Aerosol Optical Depth
Fire & Aerosol Optical Depth
In addition to gases and clouds, Earth's atmosphere contains tiny liquid and solid particles called aerosols. Aerosols influence air quality and public health, and they can influence climate by reflecting or absorbing sunlight and by changing where and when clouds form. Aerosols include sea salt, dust, and volcanic ash, as well as soot, sulfates, and other particles produced by people burning fossil fuels. Natural and human-caused fires are also significant sources of aerosols.
The fire maps show the locations of actively burning fires around the world on a monthly basis, based on observations from the MODIS sensors on NASA's Terra satellite. The colors are based on a count of the number (not size) of fires observed within a 1,000-square-kilometer area. White pixels show the high end of the count — as many as 30 fires in a 1,000-square-kilometer area per day. Orange pixels show as many as 10 fires, while red areas show as few as 1 fire per day.
The aerosol maps show average monthly aerosol amounts around the world based on observations from the MODIS sensor on NASA's Terra satellite. Satellite measurements of aerosols, called aerosol optical thickness, are based on the fact that the particles change the way the atmosphere reflects and absorbs visible and infrared light. An optical thickness of less than 0.1 (palest yellow) indicates a crystal clear sky with maximum visibility, whereas a value of 1 (reddish brown) indicates very hazy conditions.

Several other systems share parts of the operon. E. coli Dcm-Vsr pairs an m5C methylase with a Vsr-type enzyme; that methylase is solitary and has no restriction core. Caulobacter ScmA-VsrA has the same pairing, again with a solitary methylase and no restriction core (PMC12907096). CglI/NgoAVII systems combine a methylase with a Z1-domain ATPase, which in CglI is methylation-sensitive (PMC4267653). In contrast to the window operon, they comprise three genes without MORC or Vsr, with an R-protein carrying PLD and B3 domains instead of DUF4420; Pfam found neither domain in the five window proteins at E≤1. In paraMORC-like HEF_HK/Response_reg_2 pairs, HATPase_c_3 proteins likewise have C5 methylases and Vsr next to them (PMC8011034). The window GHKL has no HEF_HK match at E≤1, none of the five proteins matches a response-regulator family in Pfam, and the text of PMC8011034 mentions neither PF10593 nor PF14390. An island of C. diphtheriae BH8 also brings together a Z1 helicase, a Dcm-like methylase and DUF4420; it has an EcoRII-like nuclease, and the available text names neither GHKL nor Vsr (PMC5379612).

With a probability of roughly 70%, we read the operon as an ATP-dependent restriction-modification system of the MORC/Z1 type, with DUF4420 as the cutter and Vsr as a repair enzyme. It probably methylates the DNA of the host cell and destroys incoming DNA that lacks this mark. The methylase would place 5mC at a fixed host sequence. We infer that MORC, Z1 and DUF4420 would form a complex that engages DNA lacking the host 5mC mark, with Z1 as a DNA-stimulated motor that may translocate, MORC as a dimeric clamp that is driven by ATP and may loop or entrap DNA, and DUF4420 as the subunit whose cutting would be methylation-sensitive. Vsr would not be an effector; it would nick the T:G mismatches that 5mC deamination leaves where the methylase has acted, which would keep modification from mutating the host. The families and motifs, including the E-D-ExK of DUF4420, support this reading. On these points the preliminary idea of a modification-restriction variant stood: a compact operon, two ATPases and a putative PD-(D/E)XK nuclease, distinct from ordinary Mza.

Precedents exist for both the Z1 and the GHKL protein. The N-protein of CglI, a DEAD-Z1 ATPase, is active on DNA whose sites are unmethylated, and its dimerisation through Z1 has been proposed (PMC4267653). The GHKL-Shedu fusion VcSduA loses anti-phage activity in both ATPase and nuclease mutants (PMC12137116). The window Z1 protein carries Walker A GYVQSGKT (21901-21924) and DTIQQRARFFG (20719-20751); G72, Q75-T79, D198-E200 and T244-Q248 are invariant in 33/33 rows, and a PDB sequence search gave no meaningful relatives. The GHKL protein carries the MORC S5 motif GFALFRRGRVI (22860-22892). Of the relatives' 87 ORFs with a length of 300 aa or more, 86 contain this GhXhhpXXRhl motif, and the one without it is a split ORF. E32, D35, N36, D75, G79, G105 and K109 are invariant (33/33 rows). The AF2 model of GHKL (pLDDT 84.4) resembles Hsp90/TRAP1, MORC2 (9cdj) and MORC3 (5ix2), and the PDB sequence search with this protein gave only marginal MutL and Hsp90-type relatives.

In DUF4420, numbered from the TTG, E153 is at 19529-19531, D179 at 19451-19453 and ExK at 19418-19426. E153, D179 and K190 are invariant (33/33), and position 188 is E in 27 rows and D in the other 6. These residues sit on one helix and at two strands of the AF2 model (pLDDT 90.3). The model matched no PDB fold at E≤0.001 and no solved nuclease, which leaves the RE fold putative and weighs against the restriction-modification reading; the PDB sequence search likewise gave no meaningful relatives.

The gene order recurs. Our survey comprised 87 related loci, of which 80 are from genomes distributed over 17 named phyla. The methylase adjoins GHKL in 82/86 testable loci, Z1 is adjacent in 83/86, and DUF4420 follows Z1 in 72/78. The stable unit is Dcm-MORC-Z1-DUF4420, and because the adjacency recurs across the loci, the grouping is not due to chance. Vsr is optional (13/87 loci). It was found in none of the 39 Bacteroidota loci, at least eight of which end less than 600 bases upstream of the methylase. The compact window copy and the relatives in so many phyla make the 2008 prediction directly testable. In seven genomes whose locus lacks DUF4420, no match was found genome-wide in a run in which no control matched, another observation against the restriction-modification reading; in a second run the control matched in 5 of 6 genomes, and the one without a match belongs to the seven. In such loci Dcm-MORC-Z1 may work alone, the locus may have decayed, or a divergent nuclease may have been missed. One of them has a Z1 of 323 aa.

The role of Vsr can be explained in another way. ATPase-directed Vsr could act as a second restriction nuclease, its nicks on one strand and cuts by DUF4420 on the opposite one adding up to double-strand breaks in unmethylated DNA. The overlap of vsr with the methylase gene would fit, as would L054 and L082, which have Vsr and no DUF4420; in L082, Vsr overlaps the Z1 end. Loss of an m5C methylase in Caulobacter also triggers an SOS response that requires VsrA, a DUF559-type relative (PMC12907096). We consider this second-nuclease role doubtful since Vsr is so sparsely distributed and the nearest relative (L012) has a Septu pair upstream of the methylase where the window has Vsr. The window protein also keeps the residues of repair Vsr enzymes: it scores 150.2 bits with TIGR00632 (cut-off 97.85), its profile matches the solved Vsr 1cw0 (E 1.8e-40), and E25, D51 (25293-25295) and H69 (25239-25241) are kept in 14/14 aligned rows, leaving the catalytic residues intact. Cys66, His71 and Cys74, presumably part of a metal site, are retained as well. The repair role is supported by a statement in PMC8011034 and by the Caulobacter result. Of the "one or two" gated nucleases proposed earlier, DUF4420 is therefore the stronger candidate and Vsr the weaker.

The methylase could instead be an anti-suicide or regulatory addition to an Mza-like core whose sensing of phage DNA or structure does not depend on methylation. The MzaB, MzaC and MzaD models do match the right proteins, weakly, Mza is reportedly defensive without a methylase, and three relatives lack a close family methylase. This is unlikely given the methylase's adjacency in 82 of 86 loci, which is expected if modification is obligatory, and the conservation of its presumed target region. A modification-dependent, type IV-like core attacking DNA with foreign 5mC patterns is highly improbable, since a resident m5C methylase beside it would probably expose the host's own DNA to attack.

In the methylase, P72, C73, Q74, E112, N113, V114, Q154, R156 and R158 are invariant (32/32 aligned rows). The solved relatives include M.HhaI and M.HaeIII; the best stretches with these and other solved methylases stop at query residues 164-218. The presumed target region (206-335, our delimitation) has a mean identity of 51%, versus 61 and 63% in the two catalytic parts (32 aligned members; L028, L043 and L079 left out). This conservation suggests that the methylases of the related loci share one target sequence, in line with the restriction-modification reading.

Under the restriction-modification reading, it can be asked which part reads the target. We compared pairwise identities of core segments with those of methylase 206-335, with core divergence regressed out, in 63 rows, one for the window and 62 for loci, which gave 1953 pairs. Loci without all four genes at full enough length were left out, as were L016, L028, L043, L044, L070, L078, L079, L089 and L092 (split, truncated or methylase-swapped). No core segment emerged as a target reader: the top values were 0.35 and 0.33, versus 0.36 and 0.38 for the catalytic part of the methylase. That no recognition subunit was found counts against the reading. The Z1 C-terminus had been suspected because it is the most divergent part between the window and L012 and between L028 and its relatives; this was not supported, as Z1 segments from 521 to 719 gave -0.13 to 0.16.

The comparison shows the places and times of year in which fires play a major role in aerosols. For example, fire counts and aerosols increase in tandem across South America from July through September, and taper off in tandem in October. This pattern is due to land clearing and agricultural fires that are widespread across the Amazon Basin and Cerrado regions during the dry season. A similar relationship is apparent in Central America (March-May), central and southern Africa (June-September, and Southeast Asia (January-April).
In other cases, however, aerosol concentrations rise in the absence of significant fire activity. For example, from May through August each year, aerosol amounts rise dramatically around the Arabian Peninsula and nearby oceans, even though there is no significant fire activity in the vicinity. Here, dust storms are the likely source of the aerosols. An arc of elevated aerosol amounts at the foothills of the Himalaya Mountains in northern India in some months when fire activity is minimal (for example, November 2006) is an indication that urban or industrial air pollution is playing a role.